Outside the therapy box
Children with special needs excel in new summer program
Steamboat Springs — Blane Hoza has played with frogs, tie-dyed T-shirts and made new friends this summer.
Blane, who suffers from a neurodevelopmental disorder, has been participating in a seven-week-long therapeutic summer program for children ages five to seven who have autism or other neurodevelopmental disorders.
“He’s had the chance to continue to work on some of his individual goals, but also to really socialize with other kids that are his age. Some have similar backgrounds and some don’t,” said Michelle Hoza, Blane’s mother. “It’s been remarkable for him to be around other kids.”
Hoza has seen her son make progress at home, too. His behavior has been more consistent and he is able to stay more focused.
“As a parent, this program has been really organized, and Beth (Staunton) has come up with individual goals and gives us weekly progress updates in terms of meeting these goals,” Hoza said. “And they give us ideas as parents to bring some of the techniques into the home.”
The techniques used in the program will be passed on to Blane’s kindergarten teacher in the fall. Program leaders also use picture schedules so the children are confident about what will happen during the course of the day.
“It is a very structured program so the kids know what to expect,” Hoza said. “And it’s a neat thing for this to be in our community, where we don’t have to travel three hours away to have that opportunity.”
The program was made possible by two $25,000 grants awarded to the Yampa Valley Autism Program and a $2,000 grant from the Yampa Valley Heal-thcare Foundation. The program recently received an additional $500 from Wells Fargo Bank to use for this program and similar programs in the future.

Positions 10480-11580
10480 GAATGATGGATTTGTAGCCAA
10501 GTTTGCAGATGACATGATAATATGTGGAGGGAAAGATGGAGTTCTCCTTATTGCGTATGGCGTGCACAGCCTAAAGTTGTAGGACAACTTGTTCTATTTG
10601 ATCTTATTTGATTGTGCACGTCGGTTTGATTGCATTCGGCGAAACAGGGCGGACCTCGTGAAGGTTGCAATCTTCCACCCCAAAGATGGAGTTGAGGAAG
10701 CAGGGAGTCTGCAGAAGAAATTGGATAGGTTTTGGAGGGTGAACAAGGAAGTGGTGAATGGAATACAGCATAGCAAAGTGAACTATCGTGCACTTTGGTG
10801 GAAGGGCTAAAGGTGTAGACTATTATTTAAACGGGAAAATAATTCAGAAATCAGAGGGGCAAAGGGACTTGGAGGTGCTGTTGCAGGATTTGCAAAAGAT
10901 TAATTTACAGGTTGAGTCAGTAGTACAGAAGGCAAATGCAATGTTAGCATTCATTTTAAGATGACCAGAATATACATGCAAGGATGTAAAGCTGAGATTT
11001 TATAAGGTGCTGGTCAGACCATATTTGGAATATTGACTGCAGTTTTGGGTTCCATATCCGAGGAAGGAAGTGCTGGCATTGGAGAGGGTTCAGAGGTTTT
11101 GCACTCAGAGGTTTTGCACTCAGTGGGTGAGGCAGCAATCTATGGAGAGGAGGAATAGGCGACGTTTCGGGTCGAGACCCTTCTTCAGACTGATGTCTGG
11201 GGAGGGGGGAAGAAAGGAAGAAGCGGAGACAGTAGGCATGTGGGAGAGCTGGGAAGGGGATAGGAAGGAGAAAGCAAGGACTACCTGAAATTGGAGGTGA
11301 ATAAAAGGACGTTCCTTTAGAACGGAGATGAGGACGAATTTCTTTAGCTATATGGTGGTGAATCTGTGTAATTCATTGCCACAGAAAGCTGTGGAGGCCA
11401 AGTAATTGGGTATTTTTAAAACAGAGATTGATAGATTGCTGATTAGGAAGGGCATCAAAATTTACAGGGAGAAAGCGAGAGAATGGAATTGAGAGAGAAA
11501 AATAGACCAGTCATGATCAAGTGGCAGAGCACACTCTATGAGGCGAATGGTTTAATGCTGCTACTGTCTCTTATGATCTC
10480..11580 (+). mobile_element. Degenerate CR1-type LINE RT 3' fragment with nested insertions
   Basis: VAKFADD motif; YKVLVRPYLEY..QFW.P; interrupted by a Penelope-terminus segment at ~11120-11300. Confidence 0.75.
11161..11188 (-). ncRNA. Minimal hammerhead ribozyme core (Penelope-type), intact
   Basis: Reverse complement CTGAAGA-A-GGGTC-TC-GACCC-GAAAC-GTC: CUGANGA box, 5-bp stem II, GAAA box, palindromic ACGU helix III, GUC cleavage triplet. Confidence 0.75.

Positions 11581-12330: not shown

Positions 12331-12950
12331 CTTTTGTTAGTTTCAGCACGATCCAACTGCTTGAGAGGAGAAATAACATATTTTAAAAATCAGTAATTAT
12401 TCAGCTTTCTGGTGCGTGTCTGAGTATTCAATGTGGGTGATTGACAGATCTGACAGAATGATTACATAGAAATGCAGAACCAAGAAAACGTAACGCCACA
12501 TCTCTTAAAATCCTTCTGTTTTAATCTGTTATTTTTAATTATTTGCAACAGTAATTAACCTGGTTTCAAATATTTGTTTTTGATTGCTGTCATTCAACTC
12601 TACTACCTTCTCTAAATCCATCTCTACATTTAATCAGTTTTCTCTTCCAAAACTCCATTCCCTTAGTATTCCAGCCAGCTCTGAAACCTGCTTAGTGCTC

Beth Staunton, program director and occupational therapist at SportsMed, has been running the program with Erin Murphy and several community volunteers. She said it has been a great opportunity for them to help the children work on gross and fine motor, language and sensory integration activities outside of the typical therapy setting.
“The inclusion activities take place around town at places like the Bud Werner Memorial Library, Steamboat Pilates and Fitness Studio, Amaze’N Steamboat, Ben and Jerry’s and, next week, we are going to the gondola,” Staunton said. “On the days we are not doing inclusion, we take them to Humble Ranch.”
The activities are designed to motivate and support the children’s individual special needs, and the children have exceeded all of Staunton’s expectations.
“I’ve put them in areas that are challenging and difficult, and they have developed relationships within the group of kids with special needs and with their typical peers,” she said. “And I’m really impressed by the amount of community support. It is so important in such a small town because we need to work together to make things happen.”
– To reach Allison Plean, call 871-4204 or e-mail email@example.com
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A smile dances across Amy Satkiewicz’s face as she talks about the adventures, life and love she shared with her late husband, Mark.